Reciprocity Act leads pre-NAMTSE buzz

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Thursday, April 1, 2004

VIENNA, Va. - As the North American Monitoring Technologies Symposium & Expo approaches, most of the talk among central stations has centered on the proposed licensing reciprocity bill that will be discussed at the meeting.

The Central Station Alarm Association and the Alarm Industry Communications Committee are pushing for passage of the Alarm Monitoring Licensing Standards and Reciprocity Act of 2004. If passed, the measure would allow monitoring companies and their employees to meet a federally defined minimum licensing standard in their home states, then have those standards recognized by other states. While companies would still be required to obtain licenses in states where they do business, they would no longer be forced to send their employees to each state in order to get licensed.

According to Steve Doyle, executive vice president of the CSAA, this is becoming a costly issue for central stations, both in terms of money and lost time.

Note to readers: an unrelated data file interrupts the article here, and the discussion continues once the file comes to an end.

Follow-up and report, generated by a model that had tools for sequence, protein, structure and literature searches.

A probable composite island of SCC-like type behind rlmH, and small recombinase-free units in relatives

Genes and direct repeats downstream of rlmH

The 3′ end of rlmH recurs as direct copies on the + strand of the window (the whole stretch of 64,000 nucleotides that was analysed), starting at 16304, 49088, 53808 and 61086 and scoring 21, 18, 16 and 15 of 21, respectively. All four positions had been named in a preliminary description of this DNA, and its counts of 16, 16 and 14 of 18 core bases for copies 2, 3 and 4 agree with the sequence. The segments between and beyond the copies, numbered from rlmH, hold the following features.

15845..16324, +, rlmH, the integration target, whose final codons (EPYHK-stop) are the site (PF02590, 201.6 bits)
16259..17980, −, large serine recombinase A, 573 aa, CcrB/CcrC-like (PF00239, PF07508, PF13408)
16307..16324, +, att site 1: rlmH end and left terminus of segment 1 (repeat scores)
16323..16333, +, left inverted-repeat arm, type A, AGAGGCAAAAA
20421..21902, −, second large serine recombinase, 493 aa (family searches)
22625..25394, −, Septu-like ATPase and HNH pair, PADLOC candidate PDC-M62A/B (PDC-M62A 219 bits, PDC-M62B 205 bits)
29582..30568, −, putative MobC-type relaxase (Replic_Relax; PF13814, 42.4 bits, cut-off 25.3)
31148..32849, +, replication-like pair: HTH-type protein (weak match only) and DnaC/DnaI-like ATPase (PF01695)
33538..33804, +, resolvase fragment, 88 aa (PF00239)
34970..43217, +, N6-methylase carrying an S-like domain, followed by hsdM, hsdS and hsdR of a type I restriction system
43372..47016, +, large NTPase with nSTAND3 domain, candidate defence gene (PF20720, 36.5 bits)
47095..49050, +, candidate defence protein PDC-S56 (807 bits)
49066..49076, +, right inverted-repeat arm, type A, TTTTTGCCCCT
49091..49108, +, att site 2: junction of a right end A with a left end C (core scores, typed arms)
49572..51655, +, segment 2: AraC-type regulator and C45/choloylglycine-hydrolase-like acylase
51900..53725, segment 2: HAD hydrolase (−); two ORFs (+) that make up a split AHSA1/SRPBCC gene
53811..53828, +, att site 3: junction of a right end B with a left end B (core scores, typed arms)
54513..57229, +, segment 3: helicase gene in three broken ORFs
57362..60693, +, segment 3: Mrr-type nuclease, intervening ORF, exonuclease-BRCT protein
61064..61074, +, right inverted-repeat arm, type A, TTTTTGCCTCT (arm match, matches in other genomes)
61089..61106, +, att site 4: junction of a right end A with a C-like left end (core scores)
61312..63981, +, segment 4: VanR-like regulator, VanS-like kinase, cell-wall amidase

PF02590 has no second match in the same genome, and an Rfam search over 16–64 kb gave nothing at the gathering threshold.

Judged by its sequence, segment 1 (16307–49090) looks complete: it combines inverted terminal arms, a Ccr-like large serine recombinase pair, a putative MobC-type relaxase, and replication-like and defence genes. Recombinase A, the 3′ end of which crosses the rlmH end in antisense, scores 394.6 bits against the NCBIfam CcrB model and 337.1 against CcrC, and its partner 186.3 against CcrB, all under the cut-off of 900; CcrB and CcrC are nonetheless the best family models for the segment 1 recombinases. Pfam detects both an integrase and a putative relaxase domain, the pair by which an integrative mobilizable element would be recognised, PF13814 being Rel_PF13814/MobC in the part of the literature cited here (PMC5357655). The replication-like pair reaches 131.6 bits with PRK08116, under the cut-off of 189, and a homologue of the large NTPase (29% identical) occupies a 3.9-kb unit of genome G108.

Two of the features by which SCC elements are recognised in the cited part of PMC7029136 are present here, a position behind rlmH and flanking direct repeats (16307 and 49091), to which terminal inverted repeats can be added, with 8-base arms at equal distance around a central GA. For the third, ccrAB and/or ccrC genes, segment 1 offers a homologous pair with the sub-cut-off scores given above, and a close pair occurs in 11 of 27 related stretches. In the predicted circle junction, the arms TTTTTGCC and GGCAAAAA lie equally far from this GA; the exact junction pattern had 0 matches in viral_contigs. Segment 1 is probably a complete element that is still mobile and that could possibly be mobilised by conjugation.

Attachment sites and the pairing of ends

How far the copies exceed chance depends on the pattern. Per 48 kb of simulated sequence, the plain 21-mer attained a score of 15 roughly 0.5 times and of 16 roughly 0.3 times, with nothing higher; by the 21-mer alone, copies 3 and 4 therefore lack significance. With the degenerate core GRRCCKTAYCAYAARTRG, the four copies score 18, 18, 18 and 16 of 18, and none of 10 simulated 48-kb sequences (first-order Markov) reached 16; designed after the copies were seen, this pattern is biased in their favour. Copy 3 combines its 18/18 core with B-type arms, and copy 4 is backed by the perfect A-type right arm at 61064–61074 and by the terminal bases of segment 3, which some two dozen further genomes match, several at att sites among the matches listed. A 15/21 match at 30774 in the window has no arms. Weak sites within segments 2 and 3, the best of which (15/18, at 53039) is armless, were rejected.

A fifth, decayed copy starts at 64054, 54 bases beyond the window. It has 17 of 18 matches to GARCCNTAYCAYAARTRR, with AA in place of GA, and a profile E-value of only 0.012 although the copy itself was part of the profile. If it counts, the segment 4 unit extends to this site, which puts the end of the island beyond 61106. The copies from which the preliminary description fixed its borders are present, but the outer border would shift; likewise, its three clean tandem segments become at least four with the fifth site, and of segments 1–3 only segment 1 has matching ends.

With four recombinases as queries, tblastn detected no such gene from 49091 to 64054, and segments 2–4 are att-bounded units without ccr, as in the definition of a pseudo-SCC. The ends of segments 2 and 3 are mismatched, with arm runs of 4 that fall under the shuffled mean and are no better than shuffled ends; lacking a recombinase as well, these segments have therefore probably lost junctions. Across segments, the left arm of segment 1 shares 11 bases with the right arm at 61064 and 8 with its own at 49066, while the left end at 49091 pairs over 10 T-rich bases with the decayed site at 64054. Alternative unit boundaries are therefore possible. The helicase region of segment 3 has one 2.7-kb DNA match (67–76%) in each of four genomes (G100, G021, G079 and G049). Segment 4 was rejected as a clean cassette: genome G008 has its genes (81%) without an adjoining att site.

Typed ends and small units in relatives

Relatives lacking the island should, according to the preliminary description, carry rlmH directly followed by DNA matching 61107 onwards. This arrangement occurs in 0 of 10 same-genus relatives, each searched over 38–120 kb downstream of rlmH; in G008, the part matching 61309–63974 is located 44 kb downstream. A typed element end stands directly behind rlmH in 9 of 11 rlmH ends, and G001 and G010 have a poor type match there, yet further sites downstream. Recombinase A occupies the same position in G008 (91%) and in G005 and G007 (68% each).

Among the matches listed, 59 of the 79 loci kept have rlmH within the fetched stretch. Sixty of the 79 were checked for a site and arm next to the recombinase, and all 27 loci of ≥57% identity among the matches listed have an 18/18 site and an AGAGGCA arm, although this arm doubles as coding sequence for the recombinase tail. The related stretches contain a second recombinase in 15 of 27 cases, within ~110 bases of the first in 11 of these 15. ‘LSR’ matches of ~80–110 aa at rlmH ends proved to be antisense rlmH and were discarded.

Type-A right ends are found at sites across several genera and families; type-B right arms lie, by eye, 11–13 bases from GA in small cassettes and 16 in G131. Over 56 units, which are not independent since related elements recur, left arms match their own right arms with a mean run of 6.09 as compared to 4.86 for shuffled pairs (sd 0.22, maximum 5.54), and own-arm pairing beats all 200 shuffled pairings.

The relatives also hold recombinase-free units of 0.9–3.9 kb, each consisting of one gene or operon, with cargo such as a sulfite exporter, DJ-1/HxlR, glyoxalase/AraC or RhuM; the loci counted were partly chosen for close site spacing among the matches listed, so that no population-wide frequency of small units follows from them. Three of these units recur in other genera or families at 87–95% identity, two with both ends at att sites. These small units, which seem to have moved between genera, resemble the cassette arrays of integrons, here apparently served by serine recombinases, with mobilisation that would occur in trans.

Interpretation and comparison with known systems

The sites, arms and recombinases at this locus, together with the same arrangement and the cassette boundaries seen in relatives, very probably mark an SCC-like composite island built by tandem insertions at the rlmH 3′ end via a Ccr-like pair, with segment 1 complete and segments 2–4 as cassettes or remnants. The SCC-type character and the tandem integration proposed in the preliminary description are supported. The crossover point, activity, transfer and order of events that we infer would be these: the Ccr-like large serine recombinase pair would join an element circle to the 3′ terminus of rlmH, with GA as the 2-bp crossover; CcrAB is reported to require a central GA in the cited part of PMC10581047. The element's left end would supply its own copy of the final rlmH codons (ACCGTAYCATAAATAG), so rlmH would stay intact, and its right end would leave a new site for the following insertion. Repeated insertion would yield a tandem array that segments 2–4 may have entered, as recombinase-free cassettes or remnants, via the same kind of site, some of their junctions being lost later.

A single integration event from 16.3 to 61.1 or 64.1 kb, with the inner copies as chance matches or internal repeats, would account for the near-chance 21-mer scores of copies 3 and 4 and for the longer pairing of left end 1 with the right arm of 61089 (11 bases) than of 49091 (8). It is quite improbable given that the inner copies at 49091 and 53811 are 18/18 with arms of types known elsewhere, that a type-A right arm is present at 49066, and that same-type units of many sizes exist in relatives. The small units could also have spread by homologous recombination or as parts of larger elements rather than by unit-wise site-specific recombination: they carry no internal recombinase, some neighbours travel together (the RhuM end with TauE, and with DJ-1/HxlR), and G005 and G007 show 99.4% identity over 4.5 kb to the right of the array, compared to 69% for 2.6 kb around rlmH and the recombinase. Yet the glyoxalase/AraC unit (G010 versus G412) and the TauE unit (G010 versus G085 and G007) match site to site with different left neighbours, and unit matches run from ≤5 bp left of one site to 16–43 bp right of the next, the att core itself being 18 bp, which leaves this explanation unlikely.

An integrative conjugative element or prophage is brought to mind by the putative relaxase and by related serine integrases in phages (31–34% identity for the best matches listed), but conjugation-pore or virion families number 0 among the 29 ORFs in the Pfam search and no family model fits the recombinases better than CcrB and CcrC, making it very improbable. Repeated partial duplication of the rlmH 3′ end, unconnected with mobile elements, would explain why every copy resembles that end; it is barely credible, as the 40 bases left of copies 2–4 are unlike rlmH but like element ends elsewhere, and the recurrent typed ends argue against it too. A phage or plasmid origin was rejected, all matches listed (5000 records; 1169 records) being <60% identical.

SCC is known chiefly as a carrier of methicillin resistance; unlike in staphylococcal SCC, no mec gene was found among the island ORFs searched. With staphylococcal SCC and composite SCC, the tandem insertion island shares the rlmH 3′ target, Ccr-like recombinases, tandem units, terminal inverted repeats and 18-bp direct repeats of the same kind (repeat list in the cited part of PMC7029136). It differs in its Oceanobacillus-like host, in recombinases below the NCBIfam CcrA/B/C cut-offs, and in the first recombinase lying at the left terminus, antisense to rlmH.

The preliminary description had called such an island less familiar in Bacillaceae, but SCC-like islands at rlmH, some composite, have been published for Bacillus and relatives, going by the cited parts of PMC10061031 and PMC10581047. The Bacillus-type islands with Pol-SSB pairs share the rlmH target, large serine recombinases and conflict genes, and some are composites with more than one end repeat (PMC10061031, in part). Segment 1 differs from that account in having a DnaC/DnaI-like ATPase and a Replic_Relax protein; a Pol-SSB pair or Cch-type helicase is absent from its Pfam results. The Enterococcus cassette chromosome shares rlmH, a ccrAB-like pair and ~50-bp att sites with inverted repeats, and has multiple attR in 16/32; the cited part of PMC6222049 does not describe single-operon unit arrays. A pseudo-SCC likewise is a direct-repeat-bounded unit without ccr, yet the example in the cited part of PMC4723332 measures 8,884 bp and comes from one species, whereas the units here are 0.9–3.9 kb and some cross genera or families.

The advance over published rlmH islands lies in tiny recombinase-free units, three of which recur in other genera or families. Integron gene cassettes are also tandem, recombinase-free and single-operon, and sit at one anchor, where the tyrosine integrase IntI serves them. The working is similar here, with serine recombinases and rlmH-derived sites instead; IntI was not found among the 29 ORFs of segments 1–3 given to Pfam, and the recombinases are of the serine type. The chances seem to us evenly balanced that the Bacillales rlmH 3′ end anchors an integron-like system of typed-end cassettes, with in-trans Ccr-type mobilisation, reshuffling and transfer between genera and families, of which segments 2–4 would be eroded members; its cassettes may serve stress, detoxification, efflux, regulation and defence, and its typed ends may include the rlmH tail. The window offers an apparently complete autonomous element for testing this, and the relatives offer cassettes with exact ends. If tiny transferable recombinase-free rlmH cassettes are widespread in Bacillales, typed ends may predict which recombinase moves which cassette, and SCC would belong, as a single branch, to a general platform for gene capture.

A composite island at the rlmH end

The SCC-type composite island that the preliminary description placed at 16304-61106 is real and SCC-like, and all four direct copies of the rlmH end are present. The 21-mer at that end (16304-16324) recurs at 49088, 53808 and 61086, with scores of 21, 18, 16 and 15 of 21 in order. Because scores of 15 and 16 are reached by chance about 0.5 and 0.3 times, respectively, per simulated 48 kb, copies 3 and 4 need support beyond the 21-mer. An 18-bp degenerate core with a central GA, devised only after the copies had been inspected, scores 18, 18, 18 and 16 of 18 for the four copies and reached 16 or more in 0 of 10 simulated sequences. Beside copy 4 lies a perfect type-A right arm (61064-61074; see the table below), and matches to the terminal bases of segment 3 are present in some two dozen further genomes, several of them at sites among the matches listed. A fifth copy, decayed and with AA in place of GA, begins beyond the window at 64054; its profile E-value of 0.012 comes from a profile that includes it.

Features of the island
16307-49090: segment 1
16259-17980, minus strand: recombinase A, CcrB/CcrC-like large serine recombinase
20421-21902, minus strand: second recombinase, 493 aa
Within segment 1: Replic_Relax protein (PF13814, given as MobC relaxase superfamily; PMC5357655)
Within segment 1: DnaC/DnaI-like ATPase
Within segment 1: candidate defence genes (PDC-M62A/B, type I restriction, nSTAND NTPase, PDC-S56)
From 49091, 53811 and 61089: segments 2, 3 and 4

Amanda Helmig, director of sales and marketing for Manchester, N.H.-based Cen-traLarm Monitoring, said her company, which may expand nationally in the future, is hoping the act will pass.

“This is going to be huge, and it will really help out central stations,” she said.

Leo Wanstreet, who operates Sonitrol Tri-County in Farmington Hills, Mich., and does business in Michigan and Illinois, said the Reciprocity Act would help out even those companies that do business in only a couple of states.

“I’m already set with my licensing, so it’s not really an issue for me, but interstate commerce issue does create some problems sometimes,” he said.

CSAA and AICC will hold an update session on the Reciprocity Act at the end of the opening session of NAMTSE on April 17. The conference will run from April 15 through 19 in Memphis, Tenn.